Saturday, December 26, 2009

The Plaza at holiday time

We wandered around the Santa Fe Plaza last Tuesday. The Plaza is always colorful and fun to visit, but even more so during the Christmas season. Come look around with us:

The Burrito Company (or, Henry, this blog post is for you!)

On Tuesday of this past week, we ate at The Burrito Company (on Washington Street on the Plaza) for the first time. But I remember that cousin Henry used to love the burritos there.

It was way past lunch time but still crowded. The place was noisy, the Hispanic kids working there so polite, friendly and fast, and the menu was extensive..hard to decide quickly what to get.

We were not disappointed in our choices:

I had cheese enchiladas smothered in green chile:

John got a carne adovada burrito:

The Burrito Company will go on our growing list of places to visit again.


Inside the Cathedral

The interior of St. Francis Cathedral Basilica in Santa Fe is an architectural and artistic wonder.

When we were there on Dec. 22, the mood was festive inside the cathedral - tourists looking around, workers putting final touches on the Christmas decorations, children practicing for their Christmas performance at Mass.

The new renovations/restorations as well as the Christmas decorations looked amazing.

When we returned for Midnight Mass on Christmas Eve, the mood was much more formal, worshipful and joyous.

We wondered about the Chihuahua in the nativity scene - sure there is an interesting story behind that!

Friday, December 25, 2009

MERRY CHRISTMAS .. all my blogger friends and those of you who faithfully read my blog.


(Christmas tree from the lobby of La Fonda Hotel, Santa Fe)

(Homemade creche on Alameda St. in Santa Fe)


Thursday, December 24, 2009

Statues at the Cathedral

There are some neat statues on the front grounds of the Cathedral Basilica of St. Francis in Santa Fe.

Here are some of my favorites:

Archbishop Jean-Baptiste Lamy, who presided over the Church at Santa Fe from 1850-1888, was beloved in the city, and who was responsible for the St. Francis of Assisi Church being built:

Archbishop Lamy looking out at the city he loved and pastored:

St. Francis of Assisi, patron saint of the cathedral at Santa Fe:

Blessed Kateri Tekakwitha, a Catholic American Indian who became known as the Lily of the Mohawks, the statue honors the Native American spirit:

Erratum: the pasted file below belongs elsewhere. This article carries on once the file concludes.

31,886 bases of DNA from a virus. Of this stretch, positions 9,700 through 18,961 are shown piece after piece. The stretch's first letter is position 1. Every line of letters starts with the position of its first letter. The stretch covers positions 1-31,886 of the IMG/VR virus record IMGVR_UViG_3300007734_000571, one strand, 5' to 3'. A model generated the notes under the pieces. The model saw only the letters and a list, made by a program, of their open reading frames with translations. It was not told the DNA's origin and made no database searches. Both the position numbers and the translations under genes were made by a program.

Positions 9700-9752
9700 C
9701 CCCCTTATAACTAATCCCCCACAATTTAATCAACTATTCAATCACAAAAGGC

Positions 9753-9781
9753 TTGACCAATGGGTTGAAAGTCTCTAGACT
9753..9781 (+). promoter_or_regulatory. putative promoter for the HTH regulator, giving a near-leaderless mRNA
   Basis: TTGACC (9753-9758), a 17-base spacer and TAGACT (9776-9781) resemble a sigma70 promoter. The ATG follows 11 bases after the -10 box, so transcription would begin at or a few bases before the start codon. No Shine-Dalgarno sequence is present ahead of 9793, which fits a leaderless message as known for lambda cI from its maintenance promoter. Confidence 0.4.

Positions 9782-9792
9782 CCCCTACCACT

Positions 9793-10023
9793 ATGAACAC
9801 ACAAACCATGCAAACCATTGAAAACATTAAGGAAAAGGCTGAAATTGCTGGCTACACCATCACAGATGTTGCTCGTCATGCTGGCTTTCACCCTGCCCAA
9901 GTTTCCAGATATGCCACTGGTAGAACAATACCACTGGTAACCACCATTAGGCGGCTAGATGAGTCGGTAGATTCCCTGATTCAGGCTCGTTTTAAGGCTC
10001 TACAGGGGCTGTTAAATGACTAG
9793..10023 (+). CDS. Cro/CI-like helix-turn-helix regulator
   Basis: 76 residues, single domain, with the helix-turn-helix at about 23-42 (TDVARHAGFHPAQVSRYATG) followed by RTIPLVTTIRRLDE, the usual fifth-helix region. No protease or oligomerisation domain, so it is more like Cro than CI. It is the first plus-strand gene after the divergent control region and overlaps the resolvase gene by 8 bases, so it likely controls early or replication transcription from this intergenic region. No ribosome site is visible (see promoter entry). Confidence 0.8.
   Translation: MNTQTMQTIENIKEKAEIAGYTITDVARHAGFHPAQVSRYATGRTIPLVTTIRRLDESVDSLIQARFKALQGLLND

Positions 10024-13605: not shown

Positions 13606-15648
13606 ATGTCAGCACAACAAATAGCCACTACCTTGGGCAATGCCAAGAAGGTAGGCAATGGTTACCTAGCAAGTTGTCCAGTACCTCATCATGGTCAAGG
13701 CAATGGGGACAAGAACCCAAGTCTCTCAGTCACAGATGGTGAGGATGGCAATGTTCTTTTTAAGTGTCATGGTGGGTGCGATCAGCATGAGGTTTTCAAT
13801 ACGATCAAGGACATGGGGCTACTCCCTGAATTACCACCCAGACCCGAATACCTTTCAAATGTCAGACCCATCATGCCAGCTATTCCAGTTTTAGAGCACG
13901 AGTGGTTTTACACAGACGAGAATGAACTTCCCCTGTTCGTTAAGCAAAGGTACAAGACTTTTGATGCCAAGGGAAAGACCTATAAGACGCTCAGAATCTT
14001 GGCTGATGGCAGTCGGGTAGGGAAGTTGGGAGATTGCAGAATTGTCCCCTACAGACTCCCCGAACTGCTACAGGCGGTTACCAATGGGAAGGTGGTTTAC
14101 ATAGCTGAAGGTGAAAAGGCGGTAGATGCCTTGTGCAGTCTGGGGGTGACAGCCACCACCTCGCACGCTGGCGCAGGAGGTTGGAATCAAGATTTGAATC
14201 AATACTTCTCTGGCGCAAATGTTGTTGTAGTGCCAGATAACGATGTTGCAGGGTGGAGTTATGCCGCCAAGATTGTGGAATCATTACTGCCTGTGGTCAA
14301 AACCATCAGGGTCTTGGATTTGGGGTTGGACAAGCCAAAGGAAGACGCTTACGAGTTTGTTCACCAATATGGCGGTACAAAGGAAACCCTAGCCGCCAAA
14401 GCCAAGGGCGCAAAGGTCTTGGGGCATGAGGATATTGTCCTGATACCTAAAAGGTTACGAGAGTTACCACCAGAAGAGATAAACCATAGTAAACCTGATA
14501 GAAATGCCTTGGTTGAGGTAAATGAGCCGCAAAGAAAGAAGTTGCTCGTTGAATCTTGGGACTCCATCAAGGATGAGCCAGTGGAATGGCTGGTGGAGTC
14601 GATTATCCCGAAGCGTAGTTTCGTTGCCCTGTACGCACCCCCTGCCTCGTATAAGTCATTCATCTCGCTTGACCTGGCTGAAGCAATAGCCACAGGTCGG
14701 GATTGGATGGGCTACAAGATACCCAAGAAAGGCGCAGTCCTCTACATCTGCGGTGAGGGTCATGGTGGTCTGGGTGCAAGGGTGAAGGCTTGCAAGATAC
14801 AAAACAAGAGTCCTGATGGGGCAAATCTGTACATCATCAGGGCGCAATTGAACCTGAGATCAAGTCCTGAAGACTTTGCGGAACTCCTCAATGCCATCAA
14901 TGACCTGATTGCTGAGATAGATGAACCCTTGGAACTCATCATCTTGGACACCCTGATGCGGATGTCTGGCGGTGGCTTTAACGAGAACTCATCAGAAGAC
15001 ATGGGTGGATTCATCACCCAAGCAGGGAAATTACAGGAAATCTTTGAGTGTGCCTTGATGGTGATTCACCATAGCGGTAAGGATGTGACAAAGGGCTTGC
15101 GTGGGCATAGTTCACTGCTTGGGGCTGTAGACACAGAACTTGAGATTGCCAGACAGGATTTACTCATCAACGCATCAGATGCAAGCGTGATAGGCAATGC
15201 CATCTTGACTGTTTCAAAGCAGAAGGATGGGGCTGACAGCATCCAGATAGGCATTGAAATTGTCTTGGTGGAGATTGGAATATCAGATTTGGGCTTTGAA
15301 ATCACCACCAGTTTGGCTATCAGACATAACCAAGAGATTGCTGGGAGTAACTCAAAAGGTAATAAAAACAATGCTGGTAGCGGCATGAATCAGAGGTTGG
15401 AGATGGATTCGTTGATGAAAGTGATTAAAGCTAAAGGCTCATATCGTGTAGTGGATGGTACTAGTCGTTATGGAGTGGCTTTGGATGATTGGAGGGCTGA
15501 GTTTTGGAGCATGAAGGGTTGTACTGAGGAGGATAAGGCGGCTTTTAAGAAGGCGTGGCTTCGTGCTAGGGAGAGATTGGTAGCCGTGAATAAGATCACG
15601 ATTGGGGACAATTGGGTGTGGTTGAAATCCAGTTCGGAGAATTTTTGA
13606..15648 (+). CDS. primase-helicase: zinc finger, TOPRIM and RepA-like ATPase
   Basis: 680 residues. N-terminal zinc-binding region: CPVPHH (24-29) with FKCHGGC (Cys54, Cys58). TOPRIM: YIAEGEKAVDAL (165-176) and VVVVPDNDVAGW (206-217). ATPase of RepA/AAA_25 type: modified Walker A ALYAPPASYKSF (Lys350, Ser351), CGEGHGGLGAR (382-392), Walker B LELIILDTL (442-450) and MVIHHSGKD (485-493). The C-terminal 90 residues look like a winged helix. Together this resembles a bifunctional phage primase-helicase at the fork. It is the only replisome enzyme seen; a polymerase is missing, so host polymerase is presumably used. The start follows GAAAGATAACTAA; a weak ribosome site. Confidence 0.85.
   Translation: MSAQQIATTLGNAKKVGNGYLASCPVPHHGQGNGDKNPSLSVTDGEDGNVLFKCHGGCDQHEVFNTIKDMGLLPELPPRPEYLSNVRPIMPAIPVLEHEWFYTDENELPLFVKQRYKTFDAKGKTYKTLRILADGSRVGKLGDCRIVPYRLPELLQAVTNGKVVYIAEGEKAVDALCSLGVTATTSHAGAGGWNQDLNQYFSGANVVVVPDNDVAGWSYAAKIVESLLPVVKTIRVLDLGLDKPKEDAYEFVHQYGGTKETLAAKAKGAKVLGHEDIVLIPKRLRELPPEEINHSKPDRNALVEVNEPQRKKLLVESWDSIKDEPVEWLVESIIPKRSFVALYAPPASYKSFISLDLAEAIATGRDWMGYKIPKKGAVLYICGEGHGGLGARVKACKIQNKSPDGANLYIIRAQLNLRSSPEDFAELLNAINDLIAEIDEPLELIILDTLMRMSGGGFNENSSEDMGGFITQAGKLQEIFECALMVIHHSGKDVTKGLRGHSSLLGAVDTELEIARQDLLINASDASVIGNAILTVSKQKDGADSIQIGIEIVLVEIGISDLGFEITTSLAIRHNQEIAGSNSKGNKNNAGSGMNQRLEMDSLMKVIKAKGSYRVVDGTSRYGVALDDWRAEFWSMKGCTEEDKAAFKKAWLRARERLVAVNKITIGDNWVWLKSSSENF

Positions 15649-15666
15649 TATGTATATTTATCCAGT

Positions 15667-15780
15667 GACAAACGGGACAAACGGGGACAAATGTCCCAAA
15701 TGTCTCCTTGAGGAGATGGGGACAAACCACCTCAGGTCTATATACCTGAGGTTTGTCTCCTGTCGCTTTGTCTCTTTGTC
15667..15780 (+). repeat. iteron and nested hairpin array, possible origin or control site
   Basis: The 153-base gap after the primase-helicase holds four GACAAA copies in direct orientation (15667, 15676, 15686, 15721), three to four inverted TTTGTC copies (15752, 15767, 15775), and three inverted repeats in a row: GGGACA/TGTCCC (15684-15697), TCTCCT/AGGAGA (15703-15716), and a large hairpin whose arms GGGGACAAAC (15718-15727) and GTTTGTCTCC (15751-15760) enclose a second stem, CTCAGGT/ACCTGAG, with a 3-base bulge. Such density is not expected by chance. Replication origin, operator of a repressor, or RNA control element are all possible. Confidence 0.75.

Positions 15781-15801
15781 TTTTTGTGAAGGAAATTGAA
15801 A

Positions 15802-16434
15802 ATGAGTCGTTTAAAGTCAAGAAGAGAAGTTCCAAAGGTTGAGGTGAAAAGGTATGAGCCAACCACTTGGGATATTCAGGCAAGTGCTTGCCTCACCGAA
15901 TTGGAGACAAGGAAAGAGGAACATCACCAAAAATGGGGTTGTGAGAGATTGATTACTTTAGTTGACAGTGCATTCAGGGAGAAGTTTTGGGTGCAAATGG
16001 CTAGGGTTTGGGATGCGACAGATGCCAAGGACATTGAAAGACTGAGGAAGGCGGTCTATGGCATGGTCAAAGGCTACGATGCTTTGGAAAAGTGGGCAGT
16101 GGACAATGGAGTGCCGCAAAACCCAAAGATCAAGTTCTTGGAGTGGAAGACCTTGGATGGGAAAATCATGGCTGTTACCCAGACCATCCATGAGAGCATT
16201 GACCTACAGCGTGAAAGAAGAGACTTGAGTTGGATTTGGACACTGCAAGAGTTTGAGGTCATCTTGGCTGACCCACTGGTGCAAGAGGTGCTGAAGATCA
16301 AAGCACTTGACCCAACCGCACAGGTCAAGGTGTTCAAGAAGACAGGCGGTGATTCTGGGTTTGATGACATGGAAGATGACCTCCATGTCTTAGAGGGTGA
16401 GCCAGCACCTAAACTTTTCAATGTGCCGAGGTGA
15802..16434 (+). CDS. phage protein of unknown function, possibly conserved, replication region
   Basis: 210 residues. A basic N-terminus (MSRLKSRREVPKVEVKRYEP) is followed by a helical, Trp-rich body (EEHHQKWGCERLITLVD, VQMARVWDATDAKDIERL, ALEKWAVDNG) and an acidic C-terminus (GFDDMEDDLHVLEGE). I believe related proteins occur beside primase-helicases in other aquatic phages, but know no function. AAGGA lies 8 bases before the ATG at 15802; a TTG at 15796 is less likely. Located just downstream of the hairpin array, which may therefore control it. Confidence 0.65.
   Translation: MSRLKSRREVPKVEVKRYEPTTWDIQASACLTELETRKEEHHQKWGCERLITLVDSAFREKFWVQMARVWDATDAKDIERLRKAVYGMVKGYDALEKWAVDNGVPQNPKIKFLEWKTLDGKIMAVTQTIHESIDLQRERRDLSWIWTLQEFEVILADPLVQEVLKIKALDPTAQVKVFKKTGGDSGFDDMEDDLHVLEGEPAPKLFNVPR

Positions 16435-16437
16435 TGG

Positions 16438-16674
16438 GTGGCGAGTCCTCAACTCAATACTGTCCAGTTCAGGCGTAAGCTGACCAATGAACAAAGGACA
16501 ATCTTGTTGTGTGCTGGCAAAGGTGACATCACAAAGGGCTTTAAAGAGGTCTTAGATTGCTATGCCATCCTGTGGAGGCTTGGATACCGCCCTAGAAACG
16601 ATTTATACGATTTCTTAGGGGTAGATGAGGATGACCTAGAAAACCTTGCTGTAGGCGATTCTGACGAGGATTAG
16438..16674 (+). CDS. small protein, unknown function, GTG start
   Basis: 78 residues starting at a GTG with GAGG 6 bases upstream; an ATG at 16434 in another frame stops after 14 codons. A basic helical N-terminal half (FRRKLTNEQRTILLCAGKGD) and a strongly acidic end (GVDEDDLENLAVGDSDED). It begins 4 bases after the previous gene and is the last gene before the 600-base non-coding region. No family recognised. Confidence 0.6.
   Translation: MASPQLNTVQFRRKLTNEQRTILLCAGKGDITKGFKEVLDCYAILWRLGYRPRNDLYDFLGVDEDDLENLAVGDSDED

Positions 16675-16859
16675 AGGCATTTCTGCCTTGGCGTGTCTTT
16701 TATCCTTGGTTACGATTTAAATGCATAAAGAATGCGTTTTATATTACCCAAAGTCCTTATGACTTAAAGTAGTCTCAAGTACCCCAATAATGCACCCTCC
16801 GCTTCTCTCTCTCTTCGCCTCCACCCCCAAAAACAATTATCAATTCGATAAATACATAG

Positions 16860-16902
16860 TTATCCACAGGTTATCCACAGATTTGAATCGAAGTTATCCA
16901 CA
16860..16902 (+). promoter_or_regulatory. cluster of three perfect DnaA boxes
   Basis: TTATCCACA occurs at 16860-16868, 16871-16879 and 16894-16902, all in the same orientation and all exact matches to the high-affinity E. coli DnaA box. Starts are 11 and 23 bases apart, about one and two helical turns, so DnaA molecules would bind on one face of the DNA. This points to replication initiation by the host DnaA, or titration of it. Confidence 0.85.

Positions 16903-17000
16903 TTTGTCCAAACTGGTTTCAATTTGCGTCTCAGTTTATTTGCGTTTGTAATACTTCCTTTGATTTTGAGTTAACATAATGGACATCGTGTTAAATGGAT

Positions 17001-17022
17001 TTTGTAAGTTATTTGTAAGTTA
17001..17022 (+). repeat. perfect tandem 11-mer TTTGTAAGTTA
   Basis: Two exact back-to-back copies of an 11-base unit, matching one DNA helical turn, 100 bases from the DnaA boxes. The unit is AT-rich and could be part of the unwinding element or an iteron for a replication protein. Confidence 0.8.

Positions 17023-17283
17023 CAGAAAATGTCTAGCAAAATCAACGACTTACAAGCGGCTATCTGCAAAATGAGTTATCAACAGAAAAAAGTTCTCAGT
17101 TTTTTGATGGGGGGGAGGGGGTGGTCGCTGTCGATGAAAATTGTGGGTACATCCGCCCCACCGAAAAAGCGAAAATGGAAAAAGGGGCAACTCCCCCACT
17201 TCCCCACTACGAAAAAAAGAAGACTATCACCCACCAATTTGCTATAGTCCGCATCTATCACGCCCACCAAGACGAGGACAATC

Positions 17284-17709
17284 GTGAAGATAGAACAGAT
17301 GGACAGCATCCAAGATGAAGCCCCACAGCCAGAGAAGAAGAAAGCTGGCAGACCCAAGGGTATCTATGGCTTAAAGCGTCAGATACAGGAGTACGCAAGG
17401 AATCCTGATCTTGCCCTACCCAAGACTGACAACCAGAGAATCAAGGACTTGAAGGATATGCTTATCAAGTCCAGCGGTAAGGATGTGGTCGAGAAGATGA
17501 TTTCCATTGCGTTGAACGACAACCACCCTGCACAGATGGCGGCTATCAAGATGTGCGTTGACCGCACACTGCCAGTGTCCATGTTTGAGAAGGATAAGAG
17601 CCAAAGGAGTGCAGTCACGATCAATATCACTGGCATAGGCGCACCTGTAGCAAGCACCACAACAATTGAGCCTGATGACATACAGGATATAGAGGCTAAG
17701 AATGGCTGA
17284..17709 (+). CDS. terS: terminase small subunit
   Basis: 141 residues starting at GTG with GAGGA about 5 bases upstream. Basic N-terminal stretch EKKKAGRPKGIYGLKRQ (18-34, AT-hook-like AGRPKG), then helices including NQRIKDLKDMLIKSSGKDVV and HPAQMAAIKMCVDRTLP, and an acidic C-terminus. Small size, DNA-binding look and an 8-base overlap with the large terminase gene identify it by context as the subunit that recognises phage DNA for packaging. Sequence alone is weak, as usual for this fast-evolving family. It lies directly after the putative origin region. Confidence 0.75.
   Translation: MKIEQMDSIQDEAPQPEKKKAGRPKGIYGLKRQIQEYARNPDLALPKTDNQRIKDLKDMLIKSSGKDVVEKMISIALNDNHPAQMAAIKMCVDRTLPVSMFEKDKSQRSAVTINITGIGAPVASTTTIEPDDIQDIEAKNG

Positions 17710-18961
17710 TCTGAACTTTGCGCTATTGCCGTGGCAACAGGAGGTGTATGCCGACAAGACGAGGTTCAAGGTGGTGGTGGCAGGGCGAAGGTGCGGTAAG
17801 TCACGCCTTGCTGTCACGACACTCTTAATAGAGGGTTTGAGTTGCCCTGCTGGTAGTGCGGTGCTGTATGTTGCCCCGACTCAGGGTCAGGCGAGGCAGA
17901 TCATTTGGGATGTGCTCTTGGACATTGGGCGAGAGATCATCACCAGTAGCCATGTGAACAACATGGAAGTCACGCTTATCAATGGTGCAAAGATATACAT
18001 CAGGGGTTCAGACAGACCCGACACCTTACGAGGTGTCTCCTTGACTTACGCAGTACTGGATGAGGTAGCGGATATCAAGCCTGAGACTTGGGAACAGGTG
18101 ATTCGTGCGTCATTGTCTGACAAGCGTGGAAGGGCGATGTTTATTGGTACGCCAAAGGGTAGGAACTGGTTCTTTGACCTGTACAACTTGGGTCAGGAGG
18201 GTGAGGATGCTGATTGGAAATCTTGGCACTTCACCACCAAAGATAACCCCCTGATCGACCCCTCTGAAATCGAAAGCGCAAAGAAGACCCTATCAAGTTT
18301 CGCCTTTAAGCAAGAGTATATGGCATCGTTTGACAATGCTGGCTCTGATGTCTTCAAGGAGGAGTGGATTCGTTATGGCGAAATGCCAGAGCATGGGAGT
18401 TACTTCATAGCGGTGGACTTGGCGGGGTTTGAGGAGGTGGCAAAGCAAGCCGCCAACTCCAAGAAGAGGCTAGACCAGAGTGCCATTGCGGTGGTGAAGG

St. Francis Dancing on the Water:

Don Diego de Vargas, governor of New Mexico from 1691-1697, and 1703-1704. He governed the state during a time of lasting peace, and is held in much respect by the people of Santa Fe:

The Cathedral Basilica of St. Francis of Assisi

This is the grand church of Santa Fe.

Sitting at the eastern end of the Santa Fe Plaza, it is an imposing site.

When the City of Santa Fe was founded in 1610, the first church was built on this site, to be replaced by another in 1630, which was ddestroyed in the Pueblo Revolt of 1680. The next church built here was in 1714, and was named in honor of Saint Francis of Assisi, the Patron Saint of Santa Fe. The only part of this church still existing is the small adobe chapel dedicated to Our Lady La Conquistadora.

The First Bishop of Santa Fe was Father John Baptiste Lamy of France, who arrived in 1850. He ordered a new Romanesque church built, and brought French architects and Italian stonemasons to build his Cathedral. Construction of the Cathedral began in 1869 and continued until 1887. Dedicated in 1887, the Cathedral’s spires were never completed due to lack of funds.

The Cathedral was elevated to a Basilica by Pope Benedict XVI in 2005. Basilica means a church of particular importance in Rome and abroad.

During the past year, much renovation has been done on the cathedral in preparation for the 400th anniversary of the church and the city in 2010.

Inside and out, the cathedral basilica is an architectural wonder, and we who live in Santa Fe can be immensely proud of it. I never tire of going there. We visited the church this past week - and enjoyed seeing it all decorated for Christmas.

Here are some photos of the exterior of the church:

Upper Canyon Road

The Upper Canyon Road eastside neighborhood of Santa Fe is really cool, with old adobe homes loaded with charm.

John got a couple of pictures yesterday of homes just across the street from Cristo Rey Church:

Wednesday, December 23, 2009

Cristo Rey - Christ the King

Cristo Rey Catholic Church is one of my favorite places in Santa Fe.

Built in 1939 and dedicated in 1940, the adobe church, on upper Canyon Road just east of the downtown area, is an impressive monument to the Spanish-Revival period of northern New Mexico, and features a great stone retablo behind the altar, which faces east and is illuminated by the morning sun shining through the clerestory windows.

Over 150,000 adobe bricks were used in the construction of the church, and were made on the site and laid by the parishioners. The building of the church was completed in 14 months.

The retablo was carved in 1760 by artisans employed by Governor Francisco Antonio Martin de Valle. The stone came from a quarry northeast of Santa Fe. The large crucifix which hangs to the right of the retablo, was moved from a chapel at Valencia, New Mexico in 1938.

We were at Cristo Rey this past week. Dressed up for Christmas, the church was even more special and beautiful than ever.